As we look to wind up our two-turned-into-two-and-a-half-year road trip in October of this year, we are now paying more attention to routes, remaining national parks (16 at the time of this post), missing states (five) and figuring out how to efficiently get to all of our remaining sites before turning Charley back to the Midwest and calling our trip “complete.” It was with this in mind that we pointed north to Oklahoma. Being in Texas, we were close, and we weren’t sure how we’d loop back to this area in these next several months if we didn’t do it now. So with that we drew up our plans to visit Oklahoma, our 46th state. [Our remaining states now include only Iowa, Kansas, Nebraska and North Dakota.]
As with many old national park units, the Civilian Conservation Corps (CCC) had a hand in building many of the picnic shelters, campgrounds, dams, and bridges here. It is, indeed, a beautiful area — from the town’s public art that honors the rich Native American history to the Travertine Nature Center built over Travertine Creek to the hiking trails, springs and lakes. We are, once again, grateful that many saw fit to protect this special place. Chickasaw NRA in honor of the Chickasaw Indian Nation and in recognition that the lake as a recreation area serving northern Texas and southern Oklahoma.
As with many old national park units, the Civilian Conservation Corps (CCC) had a hand in building many of the picnic shelters, campgrounds, dams, and bridges here. It is, indeed, a beautiful area — from the town’s public art that honors the rich Native American history to the Travertine Nature Center built over Travertine Creek to the hiking trails, springs and lakes. We are, once again, grateful that many saw fit to protect this special place.
Oklahoma City National Memorial — This solemn place remembers April 19, 1995, when the Alfred P. Murrah Federal Building in Oklahoma City was destroyed by a bomb in the deadliest act of domestic terrorism in U.S. history. One-hundred sixty-eight people were killed in the attack and now 168 chairs sit empty next to the reflecting pool representing those who died. The memorial also remembers the survivors, the rescue workers, and all those who have been forever changed by this event.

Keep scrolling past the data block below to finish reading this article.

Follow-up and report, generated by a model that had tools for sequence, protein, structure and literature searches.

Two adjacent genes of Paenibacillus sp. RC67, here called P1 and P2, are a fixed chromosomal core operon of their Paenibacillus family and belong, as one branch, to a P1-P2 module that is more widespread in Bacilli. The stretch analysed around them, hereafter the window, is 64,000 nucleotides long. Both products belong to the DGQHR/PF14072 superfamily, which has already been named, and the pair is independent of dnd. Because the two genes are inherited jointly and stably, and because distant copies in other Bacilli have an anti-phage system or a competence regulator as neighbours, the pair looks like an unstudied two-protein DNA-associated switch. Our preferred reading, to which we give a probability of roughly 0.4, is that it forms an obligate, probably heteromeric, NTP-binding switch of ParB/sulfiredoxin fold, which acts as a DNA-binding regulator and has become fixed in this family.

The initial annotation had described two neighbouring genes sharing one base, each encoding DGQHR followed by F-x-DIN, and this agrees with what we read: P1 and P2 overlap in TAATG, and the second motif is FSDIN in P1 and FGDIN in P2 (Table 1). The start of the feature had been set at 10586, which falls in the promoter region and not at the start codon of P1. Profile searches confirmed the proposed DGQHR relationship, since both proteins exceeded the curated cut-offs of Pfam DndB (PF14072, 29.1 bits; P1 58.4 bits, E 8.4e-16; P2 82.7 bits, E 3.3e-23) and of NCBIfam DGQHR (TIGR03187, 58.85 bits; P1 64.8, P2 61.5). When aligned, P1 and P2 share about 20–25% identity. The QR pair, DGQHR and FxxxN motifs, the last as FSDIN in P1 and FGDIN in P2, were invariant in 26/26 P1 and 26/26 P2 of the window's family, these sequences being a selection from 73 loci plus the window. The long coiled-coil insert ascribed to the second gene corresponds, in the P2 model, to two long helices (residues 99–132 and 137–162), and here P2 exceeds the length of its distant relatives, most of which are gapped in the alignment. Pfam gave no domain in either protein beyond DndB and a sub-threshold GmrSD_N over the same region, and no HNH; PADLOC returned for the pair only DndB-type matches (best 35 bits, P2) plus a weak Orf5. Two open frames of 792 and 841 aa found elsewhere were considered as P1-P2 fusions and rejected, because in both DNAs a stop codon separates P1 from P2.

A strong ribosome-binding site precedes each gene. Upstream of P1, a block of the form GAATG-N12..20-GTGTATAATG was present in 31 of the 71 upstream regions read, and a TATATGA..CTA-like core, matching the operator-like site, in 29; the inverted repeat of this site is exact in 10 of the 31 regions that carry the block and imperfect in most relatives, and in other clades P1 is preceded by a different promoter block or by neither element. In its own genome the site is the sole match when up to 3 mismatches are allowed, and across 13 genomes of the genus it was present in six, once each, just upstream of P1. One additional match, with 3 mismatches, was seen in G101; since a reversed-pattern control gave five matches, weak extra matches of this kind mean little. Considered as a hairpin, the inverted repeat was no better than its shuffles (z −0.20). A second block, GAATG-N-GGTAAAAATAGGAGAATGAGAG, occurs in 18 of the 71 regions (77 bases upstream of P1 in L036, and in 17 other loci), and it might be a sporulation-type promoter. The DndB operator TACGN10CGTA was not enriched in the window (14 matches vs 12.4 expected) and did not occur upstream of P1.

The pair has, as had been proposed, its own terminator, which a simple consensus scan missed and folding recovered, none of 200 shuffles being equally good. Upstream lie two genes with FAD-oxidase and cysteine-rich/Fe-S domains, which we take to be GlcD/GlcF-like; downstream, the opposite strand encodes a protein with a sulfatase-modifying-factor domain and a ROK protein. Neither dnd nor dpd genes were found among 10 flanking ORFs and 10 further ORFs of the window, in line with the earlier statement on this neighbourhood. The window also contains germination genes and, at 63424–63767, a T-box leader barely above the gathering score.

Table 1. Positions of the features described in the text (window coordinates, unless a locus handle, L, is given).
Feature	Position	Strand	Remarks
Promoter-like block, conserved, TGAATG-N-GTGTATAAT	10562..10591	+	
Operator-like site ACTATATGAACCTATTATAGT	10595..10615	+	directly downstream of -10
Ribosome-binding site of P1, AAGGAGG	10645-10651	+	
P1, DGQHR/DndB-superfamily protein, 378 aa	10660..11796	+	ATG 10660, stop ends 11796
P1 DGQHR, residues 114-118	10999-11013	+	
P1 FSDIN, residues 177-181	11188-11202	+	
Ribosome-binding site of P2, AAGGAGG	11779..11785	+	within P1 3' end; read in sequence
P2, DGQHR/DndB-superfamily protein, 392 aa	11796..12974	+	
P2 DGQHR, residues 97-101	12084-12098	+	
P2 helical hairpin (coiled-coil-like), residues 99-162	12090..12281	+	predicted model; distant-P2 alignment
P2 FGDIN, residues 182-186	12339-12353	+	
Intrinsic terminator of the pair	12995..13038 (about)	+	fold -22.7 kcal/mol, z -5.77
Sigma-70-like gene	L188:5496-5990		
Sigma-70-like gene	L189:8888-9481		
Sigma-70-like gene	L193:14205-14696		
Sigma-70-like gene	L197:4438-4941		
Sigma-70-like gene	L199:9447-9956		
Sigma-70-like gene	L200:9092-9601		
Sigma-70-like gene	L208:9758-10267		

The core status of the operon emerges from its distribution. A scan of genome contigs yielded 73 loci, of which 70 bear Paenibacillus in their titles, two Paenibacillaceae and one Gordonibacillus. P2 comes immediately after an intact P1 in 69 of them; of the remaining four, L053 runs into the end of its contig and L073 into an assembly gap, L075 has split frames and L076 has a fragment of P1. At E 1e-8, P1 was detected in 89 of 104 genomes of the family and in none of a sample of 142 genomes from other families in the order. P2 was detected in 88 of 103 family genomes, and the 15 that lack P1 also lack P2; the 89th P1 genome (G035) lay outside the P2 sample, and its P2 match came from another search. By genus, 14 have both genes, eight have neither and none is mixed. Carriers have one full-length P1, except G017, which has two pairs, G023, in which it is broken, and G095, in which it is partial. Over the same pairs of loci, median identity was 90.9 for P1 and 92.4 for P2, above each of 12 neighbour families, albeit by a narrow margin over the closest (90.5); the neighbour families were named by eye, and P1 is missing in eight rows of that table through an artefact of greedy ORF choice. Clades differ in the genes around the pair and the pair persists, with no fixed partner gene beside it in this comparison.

A survivor wall, memorial fence, children’s area, and old elm tree that survived the blast also sit on what is now sacred soil and make up this memorial. Written on one of the twin Gates of Time, “We have come here to remember those who were killed, those who survived and those changed forever. May all who leave here know the impact of violence. May this memorial offer comfort, strength, peace, hope, and serenity.” Amen.
Washita Battlefield National Historic Site — The word ‘battlefield’ should be removed from the official title of this national park unit; this was a massacre, not a battle, of an Indian village full of defenseless women and children by the U.S. Army who was directed to make war on the Cheyenne people.
In the mid-1800s, decades of conflict had been playing out across the southern plains that are now Oklahoma. In the name of Manifest Destiny, early settlers moved westward though these lands, assisted by the newly-laid railroad lines that brought more and more people through the area. Feeling threatened by the Native Americans who were protecting the land that rightfully belonged to them, tensions increased as fundamentally different cultures clashed over who should live on these lands and how they should be used. As the U.S. government attempted to force Native American tribes to reservations, inter-tribal battles took place as did rebellions by revenge-seeking young Native warriors avenging the attacks against their ways of life.
While the exact events of the morning have been debated, it is a fact that peace-inclined Chief Black Kettle, his wife, and scores of Cheyenne woman and children were killed in a surprise attack at dawn’s early light on November 27, 1868 at the hands of Lt. Col. George A. Custer and his men. In a particularly brutal move, Custer also ordered the slaughter of some 800 Indian horses and mules, a move which crippled the remaining Cheyenne communities. Washita NHS protects this sacred site, and while it is not a busy park unit, it is a very important place for reflecting on the price of progress and the cost of peace….
For a more in-depth accounting of this tragedy, read here.